13. Ben-Ner, Avner & Halldorsson, Freyr, 2010. "Trusting and trustworthiness: What are they, how to measure them, and what affects them," Journal of Economic Psychology, Elsevier, vol. 31(1), pages 64-79, February.
  14. Berg Joyce & Dickhaut John & McCabe Kevin, 1995. "Trust, Reciprocity, and Social History," Games and Economic Behavior, Elsevier, vol. 10(1), pages 122-142, July.
  15. Jennifer Zelmer, 2003. "Linear Public Goods Experiments: A Meta-Analysis," Experimental Economics, Springer, vol. 6(3), pages 299-310, November.
  16. Niclas Berggren & Henrik Jordahl, 2006. "Free to Trust: Economic Freedom and Social Capital," Kyklos, Wiley Blackwell, vol. 59(2), pages 141-169, 05.
  17. Bohnet, Iris & Zeckhauser, Richard, 2003. "Trust, Risk and Betrayal," Working Paper Series rwp03-041, Harvard University, John F. Kennedy School of Government.
  18. Edward L. Glaeser & David I. Laibson & José A. Scheinkman & Christine L. Soutter, 2000. "Measuring Trust," The Quarterly Journal of Economics, MIT Press, vol. 115(3), pages 811-846, August.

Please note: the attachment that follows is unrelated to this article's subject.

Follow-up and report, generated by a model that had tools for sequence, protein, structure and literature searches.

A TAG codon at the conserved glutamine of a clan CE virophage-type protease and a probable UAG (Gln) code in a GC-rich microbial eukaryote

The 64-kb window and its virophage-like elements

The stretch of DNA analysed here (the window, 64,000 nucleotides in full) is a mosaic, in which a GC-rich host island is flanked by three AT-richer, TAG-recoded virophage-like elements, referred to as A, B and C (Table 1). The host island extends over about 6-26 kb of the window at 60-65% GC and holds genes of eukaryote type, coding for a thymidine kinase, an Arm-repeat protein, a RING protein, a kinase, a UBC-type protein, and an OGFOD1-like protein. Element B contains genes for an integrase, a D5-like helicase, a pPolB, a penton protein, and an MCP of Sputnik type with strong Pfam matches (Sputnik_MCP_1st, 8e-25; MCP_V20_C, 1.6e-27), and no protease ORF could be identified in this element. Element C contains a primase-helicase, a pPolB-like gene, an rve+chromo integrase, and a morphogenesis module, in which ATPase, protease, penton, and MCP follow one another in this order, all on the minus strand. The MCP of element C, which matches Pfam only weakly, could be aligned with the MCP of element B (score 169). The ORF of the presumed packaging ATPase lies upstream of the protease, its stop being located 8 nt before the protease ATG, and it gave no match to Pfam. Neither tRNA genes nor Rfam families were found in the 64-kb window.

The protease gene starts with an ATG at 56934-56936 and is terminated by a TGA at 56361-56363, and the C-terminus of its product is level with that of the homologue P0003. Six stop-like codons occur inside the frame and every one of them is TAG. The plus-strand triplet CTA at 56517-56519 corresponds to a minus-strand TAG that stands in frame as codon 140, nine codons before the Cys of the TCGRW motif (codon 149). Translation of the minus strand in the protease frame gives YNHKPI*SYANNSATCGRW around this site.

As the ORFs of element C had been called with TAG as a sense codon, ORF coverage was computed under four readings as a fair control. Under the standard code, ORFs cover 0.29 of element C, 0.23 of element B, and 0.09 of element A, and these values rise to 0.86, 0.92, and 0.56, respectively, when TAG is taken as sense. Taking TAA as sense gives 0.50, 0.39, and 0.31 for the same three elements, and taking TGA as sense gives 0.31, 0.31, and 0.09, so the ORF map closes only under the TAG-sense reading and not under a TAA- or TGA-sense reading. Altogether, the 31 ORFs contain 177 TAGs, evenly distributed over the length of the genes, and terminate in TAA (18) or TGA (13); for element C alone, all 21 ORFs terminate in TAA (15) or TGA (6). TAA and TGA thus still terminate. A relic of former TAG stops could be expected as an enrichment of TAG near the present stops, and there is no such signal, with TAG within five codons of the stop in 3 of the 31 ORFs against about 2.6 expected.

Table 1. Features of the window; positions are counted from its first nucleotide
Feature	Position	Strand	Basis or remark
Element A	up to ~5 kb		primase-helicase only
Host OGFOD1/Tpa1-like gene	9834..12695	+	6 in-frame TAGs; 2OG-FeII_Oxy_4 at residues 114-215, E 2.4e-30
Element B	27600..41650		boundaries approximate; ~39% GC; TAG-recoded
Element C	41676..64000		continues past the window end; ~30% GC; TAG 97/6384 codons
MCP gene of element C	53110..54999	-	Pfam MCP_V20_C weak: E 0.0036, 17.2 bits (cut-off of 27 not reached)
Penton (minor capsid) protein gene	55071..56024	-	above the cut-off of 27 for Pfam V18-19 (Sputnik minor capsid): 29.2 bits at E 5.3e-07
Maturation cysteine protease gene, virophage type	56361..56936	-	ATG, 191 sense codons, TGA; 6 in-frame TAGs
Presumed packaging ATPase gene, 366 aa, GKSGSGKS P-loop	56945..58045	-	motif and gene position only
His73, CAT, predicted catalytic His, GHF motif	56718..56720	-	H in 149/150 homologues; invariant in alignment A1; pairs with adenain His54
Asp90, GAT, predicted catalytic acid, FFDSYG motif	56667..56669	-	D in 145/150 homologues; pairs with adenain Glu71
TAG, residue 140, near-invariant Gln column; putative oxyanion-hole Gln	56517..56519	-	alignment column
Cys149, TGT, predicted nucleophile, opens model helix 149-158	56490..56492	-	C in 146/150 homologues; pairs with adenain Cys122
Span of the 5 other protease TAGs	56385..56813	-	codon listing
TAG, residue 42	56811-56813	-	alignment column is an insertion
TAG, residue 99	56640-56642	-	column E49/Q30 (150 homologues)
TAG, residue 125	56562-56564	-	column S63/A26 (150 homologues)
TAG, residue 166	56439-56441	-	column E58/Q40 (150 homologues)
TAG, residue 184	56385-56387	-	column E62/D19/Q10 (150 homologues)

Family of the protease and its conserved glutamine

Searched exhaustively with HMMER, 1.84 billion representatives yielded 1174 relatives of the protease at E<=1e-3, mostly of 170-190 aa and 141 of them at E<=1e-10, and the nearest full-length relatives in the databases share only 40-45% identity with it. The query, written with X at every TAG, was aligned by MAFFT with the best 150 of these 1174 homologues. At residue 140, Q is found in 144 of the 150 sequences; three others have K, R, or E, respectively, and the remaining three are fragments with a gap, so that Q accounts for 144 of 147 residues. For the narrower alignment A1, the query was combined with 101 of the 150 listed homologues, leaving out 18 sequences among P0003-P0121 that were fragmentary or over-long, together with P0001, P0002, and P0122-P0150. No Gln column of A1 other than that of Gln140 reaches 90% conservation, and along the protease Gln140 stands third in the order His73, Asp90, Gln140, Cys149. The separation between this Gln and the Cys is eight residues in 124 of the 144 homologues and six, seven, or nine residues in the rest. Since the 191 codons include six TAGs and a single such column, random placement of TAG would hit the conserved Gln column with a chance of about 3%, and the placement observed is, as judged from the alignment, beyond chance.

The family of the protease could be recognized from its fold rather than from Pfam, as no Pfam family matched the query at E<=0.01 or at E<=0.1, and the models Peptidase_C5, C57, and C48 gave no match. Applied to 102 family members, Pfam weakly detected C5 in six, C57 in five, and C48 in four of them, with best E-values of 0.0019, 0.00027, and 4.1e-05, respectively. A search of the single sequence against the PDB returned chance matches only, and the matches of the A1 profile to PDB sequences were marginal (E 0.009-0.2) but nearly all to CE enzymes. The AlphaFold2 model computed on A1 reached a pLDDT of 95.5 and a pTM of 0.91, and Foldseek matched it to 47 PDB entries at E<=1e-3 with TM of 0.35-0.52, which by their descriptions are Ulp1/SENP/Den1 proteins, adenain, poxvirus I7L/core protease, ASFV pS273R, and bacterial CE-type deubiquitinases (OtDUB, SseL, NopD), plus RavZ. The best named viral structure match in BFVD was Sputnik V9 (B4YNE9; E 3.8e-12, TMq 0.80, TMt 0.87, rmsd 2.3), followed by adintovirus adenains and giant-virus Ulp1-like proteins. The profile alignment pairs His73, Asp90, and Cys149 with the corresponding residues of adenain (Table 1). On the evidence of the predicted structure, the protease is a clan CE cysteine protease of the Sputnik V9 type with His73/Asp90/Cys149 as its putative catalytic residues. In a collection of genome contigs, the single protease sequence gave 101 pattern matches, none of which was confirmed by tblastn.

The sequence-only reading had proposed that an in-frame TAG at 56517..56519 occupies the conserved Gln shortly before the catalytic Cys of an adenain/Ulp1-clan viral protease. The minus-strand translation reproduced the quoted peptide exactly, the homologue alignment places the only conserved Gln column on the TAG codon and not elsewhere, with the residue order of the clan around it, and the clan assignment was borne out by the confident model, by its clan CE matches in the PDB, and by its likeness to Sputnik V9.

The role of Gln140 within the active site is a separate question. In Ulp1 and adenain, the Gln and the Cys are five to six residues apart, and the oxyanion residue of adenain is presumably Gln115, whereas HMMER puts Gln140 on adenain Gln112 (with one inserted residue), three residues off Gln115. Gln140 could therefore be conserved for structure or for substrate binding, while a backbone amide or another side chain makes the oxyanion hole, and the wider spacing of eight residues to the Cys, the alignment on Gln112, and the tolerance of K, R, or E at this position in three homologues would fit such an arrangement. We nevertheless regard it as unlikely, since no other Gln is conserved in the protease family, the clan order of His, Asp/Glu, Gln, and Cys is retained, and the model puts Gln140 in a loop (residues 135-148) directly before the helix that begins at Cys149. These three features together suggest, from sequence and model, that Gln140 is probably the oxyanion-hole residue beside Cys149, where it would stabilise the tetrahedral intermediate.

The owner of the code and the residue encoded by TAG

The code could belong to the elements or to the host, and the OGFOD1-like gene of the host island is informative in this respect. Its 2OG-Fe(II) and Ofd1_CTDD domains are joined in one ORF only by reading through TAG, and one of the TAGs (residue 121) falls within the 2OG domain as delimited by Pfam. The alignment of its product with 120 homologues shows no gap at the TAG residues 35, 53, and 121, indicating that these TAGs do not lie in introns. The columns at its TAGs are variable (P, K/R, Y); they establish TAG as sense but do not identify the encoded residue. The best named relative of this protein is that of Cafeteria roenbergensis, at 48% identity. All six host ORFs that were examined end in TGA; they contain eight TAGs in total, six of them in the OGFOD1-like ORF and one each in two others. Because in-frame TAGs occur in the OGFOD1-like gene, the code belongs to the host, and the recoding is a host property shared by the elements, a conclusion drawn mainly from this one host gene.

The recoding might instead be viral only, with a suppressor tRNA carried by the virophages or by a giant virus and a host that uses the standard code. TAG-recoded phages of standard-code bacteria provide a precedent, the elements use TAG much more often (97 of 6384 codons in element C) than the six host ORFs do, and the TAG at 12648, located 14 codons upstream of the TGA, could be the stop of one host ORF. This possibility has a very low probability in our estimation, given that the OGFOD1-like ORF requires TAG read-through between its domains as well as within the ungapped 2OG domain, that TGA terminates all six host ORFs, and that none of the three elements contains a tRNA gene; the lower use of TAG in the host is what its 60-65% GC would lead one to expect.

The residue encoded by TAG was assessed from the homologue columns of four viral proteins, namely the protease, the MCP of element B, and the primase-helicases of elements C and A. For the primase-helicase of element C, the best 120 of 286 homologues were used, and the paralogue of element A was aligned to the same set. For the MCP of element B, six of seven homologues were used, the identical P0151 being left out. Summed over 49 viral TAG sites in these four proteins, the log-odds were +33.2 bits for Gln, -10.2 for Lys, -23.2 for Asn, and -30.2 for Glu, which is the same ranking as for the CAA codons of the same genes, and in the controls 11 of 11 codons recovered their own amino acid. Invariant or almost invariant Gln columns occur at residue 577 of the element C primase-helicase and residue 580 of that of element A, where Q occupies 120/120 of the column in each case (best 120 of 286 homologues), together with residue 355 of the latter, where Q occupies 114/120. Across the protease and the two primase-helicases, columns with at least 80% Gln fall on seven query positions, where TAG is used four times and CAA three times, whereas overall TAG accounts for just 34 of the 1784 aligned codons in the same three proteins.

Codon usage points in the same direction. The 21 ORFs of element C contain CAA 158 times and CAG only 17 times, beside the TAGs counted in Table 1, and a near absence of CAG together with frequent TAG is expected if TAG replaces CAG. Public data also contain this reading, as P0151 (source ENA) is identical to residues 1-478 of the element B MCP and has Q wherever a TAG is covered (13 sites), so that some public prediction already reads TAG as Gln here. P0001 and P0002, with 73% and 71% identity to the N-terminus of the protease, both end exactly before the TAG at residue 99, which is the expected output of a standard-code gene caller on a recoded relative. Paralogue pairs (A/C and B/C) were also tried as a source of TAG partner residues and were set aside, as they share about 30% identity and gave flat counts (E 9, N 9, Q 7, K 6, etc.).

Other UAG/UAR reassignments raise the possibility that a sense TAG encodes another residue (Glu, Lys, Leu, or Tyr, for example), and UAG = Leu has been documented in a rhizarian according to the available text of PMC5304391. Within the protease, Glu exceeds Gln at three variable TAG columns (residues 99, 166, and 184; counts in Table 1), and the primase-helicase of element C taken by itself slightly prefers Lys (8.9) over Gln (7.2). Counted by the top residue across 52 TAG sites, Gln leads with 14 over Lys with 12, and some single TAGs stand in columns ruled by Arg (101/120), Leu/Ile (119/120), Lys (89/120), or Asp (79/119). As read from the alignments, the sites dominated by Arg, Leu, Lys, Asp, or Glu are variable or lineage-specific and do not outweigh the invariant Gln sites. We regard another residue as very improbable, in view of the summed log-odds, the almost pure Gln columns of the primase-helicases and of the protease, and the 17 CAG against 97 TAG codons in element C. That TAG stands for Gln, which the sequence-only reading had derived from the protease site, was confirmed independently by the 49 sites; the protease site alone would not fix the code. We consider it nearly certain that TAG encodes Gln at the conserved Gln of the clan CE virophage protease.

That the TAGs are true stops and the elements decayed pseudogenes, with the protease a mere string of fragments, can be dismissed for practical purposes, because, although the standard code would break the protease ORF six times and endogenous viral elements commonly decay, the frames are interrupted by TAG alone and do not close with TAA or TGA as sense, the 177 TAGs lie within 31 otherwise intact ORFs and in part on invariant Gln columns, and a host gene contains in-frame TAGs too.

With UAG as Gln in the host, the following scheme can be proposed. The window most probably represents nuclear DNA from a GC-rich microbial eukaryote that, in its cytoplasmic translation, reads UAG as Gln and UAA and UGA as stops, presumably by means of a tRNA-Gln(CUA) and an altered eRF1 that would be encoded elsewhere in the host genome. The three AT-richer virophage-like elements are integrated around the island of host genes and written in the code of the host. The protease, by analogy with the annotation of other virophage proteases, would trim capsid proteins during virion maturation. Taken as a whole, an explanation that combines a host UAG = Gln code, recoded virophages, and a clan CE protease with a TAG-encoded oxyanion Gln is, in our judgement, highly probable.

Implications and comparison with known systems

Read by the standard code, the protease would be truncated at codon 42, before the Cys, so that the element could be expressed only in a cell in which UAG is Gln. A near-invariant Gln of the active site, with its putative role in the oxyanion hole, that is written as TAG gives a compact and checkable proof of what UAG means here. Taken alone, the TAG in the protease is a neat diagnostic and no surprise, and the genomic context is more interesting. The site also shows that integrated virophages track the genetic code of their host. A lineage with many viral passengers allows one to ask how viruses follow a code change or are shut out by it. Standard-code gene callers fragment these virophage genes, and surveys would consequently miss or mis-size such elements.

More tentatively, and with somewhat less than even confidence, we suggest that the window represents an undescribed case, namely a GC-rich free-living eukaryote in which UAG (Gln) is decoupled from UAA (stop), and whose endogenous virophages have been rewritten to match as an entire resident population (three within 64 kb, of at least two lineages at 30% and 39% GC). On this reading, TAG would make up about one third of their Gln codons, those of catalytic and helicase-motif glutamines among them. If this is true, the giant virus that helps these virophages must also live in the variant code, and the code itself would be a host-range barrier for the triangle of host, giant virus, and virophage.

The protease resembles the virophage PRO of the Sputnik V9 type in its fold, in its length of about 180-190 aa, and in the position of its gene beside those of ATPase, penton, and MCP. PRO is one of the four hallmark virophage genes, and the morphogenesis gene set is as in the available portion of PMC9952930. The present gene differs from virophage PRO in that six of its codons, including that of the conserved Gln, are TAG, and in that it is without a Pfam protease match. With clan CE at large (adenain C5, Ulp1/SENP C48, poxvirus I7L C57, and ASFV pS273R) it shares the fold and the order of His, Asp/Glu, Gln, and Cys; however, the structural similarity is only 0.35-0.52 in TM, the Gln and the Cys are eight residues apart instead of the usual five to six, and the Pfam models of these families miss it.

• Glaeser, Edward Ludwig & Laibson, David I. & Scheinkman, Jose A. & Soutter, Christine L., 2000. "Measuring Trust," Scholarly Articles 4481497, Harvard University Department of Economics.
  19. Orazio Attanasio & Luca Pellerano & Sandra Polanía Reyes, 2009. "Building Trust? Conditional Cash Transfer Programmes and Social Capital," Fiscal Studies, Institute for Fiscal Studies, vol. 30(2), pages 139-177, 06.
  20. Zak, Paul J & Knack, Stephen, 2001. "Trust and Growth," Economic Journal, Royal Economic Society, vol. 111(470), pages 295-321, April.
  21. Paul F. Whiteley, 2000. "Economic Growth and Social Capital," Political Studies, Political Studies Association, vol. 48(3), pages 443-466, 06.
  22. Cox, James C., 2004. "How to identify trust and reciprocity," Games and Economic Behavior, Elsevier, vol. 46(2), pages 260-281, February.
  23. Holm, Håkan & Nystedt, Paul, 2008. "Trust in surveys and games - A methodological contribution on the influence of money and location," Journal of Economic Psychology, Elsevier, vol. 29(4), pages 522-542, August.
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Cited by:
  1. Johnson, Noel D. & Mislin, Alexandra A., 2011. "Trust games: A meta-analysis," Journal of Economic Psychology, Elsevier, vol. 32(5), pages 865-889.